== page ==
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2019-11-05

EOS shifts from gambling to gaming dApps

Article credited to cryptomandate and provided by EOS GO

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DApp landscape

When EOS first launched it gained massive support from gambling dApps due to its fast transaction speeds and feeless transactions. Many of these dApps, along with their users, migrated from different blockchains to call EOS their new gambling home. In the beginning of the year (2019) gambling activity accounted for 70% of overall traffic on the EOS blockchain. Leading to EOS being dubbed the gambling blockchain. To put things into perspective only 2 dApps in the top 25 were for gaming. Two other dApps in the top 25 were exchanges and all the rest were for gambling.

Gambling dApps played a huge role in the early use case of EOS. They helped prove that the blockchain does, in fact, work as intended and to bring attention to any possible issues that might arise. A combination of the fast network and the exodus of gambling dApps quickly propelled EOS to being the blockchain with the most daily transactions. Weiss Ratings’ crypto division (Weiss Crypto Ratings) soon ranked EOS as the number one cryptocurrency. The result was determined using different metrics such as the rate of adoption and not just based on the number of transactions.

Fast-forward eight months. We find ourselves in November 2019 and in a landscape that has shifted from what it was 8 months ago. There’s a new king in town as gambling dApps are no longer the dominating force on the EOS blockchain. There are still more gambling dApps overall than any other but have relinquished their user base. Gaming dApps are now where the party is at. Where there used to be only 2 gaming dApps in the top 25, there’s now 7. Three of which make up the top 5 with one claiming the top spot.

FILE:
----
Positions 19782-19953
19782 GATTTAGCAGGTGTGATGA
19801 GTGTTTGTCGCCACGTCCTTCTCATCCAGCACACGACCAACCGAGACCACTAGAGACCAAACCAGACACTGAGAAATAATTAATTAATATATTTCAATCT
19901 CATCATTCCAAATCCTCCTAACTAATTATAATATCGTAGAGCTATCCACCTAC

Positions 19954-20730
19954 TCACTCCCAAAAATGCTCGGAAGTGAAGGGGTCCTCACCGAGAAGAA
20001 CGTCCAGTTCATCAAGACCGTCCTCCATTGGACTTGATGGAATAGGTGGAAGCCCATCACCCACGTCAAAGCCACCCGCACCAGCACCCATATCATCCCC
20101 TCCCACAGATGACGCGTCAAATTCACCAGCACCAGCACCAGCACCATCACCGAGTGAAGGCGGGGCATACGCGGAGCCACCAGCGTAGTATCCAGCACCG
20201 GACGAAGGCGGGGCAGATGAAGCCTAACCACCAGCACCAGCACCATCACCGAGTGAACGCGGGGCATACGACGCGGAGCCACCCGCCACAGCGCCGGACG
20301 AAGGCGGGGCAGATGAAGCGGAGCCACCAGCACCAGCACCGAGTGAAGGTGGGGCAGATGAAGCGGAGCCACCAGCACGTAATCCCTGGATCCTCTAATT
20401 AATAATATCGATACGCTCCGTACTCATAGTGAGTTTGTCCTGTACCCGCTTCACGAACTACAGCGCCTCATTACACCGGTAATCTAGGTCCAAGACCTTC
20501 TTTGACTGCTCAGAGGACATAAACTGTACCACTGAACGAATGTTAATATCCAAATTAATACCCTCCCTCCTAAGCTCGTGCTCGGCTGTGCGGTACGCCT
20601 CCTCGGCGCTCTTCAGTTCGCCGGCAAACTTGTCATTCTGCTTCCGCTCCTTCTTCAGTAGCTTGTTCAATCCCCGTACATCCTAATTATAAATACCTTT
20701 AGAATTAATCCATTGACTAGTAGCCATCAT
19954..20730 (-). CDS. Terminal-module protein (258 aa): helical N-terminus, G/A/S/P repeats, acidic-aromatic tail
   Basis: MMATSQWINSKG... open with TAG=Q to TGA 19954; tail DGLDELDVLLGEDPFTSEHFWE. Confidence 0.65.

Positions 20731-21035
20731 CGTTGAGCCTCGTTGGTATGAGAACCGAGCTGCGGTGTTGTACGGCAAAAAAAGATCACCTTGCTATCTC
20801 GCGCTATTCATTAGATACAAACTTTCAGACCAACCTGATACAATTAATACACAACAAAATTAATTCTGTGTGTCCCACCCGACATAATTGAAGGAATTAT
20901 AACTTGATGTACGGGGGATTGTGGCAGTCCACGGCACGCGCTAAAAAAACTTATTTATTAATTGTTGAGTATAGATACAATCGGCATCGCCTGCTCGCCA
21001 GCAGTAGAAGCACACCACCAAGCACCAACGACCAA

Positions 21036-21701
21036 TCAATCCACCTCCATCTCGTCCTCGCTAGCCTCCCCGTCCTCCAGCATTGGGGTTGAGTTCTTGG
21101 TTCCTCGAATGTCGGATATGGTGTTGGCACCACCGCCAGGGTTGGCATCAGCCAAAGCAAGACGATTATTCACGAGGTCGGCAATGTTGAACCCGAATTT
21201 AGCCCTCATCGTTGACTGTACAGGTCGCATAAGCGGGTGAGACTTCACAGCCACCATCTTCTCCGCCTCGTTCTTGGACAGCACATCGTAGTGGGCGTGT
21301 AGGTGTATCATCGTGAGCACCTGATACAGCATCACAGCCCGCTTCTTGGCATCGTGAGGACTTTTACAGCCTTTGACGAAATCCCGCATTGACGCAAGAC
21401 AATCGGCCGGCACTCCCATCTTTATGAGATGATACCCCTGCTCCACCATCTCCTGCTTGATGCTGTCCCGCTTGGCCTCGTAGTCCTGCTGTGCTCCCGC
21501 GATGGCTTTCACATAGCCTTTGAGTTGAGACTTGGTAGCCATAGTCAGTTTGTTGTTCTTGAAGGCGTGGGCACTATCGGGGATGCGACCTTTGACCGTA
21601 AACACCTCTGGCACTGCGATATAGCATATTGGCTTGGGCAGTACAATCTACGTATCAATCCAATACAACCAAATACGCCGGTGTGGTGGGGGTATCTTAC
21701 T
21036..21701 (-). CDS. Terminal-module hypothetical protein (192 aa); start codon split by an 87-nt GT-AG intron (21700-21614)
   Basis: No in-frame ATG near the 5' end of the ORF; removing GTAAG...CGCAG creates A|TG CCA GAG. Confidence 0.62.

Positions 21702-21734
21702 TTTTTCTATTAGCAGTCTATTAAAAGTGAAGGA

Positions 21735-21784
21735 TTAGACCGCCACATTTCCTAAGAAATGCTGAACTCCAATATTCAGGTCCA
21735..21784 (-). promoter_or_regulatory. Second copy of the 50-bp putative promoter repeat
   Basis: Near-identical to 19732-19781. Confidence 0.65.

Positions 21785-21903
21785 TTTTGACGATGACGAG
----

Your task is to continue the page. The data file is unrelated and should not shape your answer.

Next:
What has changed?

Turns out not much has changed, at least with the performance of the blockchain. If anything the blockchain has improved. EOS is still growing from strength to strength and daily on-chain transactions are nearly 10 times higher than the nearest competitor. In fact, EOS was yet again ranked as the best blockchain in China’s most recent Global Public Blockchain Technology Assessment Index) earlier this week. The blockchain also sees more daily active users than its competitors despite having only 1/8th of Ethereum’s total number of dApps.

The top 3 gaming dApps make up for more than 15% of EOS’ daily dApp active users. When you ask what has changed, I guess the simplest answer would be that gaming dApps have finally come. Early in the year there were barely any other dApps other than gambling ones. Gambling dApps provided the ‘Proof of Concept’ that many other projects and dApp developers were waiting to see.

Gaming is much more popular and caters to a wider audience. It has a vast gallery of the different genres of games people can play. Whereas gambling caters to an older and somewhat niche market. Gambling is often frowned upon by certain communities and cultures which is still something the industry is battling against. Without a doubt gaming has the upper hand.


This shift represents progress

This quick shift of focus from gambling to gaming signifies that the EOS blockchain is making good progress. What’s really surprising is the rate that this progress is being made. We are talking about a project that only launched last year June, competing in a space that’s dominated by revered and seasoned blockchains. Yet just a year later EOS did not only manage to gain significant market share but also managed to dominate in so many other aspects, from its technology all the way up to its active user base. This type of rate in growth has all the signs of a coming seismic shift in the blockchain space. EOS may be about to surpass Ethereum’s market cap and become the leading dApp blockchain.

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People are social beings. We like to communicate, play, interact and connect with one another. Online gaming caters to all these human necessities. Which is the reason why online gaming has seen a surge each year. According to TechCrunch, over the last 18 months the global gaming industry has seen $9.6 Billion in investments and on track to be higher than the previous eight years combined. The total global gaming market cap is estimated to be worth $152 Billion by the end of this year. Eight years ago (2011) this figure was $74 Billion.